If I had a car, I would read the owner’s manual to determine how to keep it in good shape. If I had a pet, I’d buy books that teach how to keep it happy and healthy. So why shouldn’t I learn about each plant in my garden in order to help it thrive? First on the list: purple basil.
The first thing I realized was that I have no idea which kind of purple basil plant I own. The website for Bonnie Plants doesn’t distinguish between African Blue, Dark Opal, Purple Ruffles, or other basil varieties. It does note that my plant needs 6 to 8 hours of sun (check) and moist but well-drained soil (check). The Old Farmer’s Almanac instructs that I should “water plants freely,” so that solves my dilemma about how often to hose them down and whether I might kill them if I water them too often.
Many sources encourage pinching off the center shoot six weeks after planting,well before flowers start to bud. It’s only been two weeks since I planted my basil, but I’ll make a note on my calendar to prune it in a few weeks. The Almanac notes that every time a branch “has six to eight leaves, repeat pruning the branches back to their first set of leaves.” I’m not entirely sure what that means, but I guess I’ll go stare at my basil plant later and figure it out … or ask my dad to explain.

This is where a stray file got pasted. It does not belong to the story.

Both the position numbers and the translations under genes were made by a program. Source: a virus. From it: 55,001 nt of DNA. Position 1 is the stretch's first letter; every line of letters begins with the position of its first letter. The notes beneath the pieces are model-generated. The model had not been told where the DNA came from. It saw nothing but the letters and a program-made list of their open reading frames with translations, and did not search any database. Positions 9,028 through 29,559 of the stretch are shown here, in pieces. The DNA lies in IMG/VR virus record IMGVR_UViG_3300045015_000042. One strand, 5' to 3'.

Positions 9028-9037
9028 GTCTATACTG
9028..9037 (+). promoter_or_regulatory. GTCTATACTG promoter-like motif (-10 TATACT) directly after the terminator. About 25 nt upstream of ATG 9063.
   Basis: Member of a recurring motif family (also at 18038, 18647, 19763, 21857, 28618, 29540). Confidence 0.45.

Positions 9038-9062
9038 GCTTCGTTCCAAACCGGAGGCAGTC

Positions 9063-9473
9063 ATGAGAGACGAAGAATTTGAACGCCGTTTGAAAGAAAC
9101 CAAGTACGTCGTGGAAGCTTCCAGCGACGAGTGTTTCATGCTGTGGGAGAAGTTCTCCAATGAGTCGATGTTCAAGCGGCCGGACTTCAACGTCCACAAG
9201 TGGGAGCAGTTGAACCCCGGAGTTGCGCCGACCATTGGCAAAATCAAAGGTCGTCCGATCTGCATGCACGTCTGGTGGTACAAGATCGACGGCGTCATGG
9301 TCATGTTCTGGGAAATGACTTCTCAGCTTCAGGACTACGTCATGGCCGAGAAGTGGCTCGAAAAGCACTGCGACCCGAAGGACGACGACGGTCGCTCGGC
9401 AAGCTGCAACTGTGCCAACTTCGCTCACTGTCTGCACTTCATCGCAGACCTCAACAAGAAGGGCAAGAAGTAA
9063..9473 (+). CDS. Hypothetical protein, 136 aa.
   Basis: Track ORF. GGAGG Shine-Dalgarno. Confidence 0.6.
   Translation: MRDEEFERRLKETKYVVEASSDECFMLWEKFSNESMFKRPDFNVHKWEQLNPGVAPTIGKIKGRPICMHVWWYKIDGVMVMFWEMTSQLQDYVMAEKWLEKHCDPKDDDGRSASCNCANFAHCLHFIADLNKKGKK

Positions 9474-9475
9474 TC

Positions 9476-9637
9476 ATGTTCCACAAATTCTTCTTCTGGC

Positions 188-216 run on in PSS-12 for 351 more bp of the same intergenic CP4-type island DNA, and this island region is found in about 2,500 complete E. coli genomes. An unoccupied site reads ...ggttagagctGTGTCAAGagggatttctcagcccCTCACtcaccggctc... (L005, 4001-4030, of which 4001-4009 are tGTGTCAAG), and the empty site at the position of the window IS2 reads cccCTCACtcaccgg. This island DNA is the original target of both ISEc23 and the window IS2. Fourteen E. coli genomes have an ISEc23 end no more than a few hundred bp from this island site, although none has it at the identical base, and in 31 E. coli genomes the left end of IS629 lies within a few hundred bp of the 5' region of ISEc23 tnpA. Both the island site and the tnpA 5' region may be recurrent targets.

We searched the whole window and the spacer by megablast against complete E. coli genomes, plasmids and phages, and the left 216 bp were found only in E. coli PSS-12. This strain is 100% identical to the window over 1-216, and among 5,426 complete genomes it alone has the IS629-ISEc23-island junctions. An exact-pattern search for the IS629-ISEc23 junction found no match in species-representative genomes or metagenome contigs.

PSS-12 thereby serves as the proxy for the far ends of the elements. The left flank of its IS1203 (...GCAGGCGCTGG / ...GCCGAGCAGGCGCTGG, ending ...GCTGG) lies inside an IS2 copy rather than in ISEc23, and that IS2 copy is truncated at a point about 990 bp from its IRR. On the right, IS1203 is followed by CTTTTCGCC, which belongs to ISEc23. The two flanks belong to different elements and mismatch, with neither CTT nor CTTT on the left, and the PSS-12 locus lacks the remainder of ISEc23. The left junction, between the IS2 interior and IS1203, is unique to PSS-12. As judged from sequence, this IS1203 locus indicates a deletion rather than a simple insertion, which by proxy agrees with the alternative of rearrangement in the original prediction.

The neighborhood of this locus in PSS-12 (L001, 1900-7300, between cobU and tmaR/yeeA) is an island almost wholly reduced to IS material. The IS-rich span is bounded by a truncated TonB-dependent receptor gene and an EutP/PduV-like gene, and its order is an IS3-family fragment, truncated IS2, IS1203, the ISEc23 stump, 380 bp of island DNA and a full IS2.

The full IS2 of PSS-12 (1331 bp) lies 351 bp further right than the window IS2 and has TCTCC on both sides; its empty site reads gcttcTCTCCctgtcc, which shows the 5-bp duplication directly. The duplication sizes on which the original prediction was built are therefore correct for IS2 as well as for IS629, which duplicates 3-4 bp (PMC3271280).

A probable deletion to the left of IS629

Harvesting some of the leaves will encourage the growth of more delicious basil for me to nosh on or cook with. I’ve already talked with my mom about making a margherita pizza with her signature tomato sauce (like a true Italian, she calls it “gravy”), fresh mozzarella, and purple basil leaves. I’ve also come across some other good ideas, like making a pesto or a basil vinegar. Depending upon the taste of my purple basil, I’m also thinking about turning it into a dressing for salads, since I’ve been looking for a good, healthy option.
Hopefully learning about my plants will help to grow my green thumb. But I know there’s nothing like practice when it comes to becoming a better gardener, so I’m going to do a ton of observing, watering, and tending for my purple basil as well.